Objective: To assess different aspects of visual function at school age in children who suffered from neonatal encephalopathy. Method: Thirty nine full term infants with neonatal encephalopathy, low Apgar scores, and early neonatal imaging were studied using a battery of tests assessing different aspects of visual function (crowding acuity, stereopsis, visual fields) at school age. The results were compared with brain magnetic resonance imaging (MRI) findings and, when possible, with the results of the assessment of visual function performed at 5 and 12 months, available in 24 of the 39 children examined at school age. Results: Sixteen of the 39 children (41%) had abnormal results at school age in at least one of the visual tests used. Seven of these 16 were untestable on all tests. The remaining 23 children (59%) had normal results. Conclusions: The presence and severity of visual impairment was related to the severity of brain lesions. Moderate or severe basal ganglia lesions and severe white matter changes were always associated with abnormal visual function. Infants with normal MRI, minimal basal ganglia lesions, and minimal or moderate white matter involvement tended to have normal vision. It was also found that the assessment of visual function performed in the first year was a reliable indicator of visual function at school age. With two exceptions, the results on the 5 month visual assessment were predictive of visual outcome at school age. In the remaining two cases, a normal visual outcome at 5 years was associated with visual abnormalities at 5 months but these had already normalised by the age of 1 year.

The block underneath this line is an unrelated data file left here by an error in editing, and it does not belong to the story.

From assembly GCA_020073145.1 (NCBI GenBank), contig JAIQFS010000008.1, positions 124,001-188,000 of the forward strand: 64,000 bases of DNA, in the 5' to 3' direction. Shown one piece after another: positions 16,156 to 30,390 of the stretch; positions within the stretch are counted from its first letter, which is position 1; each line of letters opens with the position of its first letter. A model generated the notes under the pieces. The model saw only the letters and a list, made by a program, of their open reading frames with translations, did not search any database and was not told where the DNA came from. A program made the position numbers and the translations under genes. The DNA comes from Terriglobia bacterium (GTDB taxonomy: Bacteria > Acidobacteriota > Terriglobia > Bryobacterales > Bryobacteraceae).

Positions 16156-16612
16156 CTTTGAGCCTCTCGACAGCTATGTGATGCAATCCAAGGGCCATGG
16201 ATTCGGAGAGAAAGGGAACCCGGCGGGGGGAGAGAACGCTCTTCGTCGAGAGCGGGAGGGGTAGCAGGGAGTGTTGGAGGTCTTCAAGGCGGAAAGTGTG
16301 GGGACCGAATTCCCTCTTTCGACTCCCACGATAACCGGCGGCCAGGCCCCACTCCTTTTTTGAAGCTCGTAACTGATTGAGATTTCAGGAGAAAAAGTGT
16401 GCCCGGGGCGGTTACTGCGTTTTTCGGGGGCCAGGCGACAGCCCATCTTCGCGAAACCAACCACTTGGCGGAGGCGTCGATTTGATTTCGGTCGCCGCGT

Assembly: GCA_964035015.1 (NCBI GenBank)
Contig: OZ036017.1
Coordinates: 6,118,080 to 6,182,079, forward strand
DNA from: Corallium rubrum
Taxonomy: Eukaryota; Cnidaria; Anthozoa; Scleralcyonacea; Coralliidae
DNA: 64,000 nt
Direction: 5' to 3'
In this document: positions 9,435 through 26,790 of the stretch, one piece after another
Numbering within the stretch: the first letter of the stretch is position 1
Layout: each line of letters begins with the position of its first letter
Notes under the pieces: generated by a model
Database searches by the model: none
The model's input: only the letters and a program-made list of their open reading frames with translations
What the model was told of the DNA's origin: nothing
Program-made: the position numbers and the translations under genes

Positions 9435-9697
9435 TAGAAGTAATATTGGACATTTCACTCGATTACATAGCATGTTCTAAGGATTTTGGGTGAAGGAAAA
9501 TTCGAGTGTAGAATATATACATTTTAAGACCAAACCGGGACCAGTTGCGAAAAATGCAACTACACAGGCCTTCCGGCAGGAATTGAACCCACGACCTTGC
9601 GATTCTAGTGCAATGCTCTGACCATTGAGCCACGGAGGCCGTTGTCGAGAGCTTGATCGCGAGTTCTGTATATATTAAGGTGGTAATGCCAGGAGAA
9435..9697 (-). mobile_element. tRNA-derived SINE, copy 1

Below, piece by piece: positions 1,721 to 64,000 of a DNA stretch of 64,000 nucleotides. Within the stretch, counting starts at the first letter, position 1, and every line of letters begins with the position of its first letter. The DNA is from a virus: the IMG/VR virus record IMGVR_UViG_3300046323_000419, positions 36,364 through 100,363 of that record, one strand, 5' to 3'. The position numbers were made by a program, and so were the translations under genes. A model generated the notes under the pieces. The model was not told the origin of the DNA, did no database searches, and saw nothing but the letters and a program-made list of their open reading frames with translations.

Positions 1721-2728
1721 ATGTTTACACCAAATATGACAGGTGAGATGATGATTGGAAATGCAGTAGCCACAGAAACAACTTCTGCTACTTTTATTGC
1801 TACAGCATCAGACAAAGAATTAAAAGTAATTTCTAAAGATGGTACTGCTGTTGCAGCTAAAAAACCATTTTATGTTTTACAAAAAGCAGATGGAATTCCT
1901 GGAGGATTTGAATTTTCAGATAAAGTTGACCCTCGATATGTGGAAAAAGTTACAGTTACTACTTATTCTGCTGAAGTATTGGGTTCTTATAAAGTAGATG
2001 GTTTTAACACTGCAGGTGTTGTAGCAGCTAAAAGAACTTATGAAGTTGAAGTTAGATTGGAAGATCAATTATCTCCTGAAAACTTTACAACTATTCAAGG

|Journal||Archives of Disease in Childhood: Fetal and Neonatal Edition|
|Publication status||Published - May 2004|
ASJC Scopus subject areas
- Pediatrics, Perinatology, and Child Health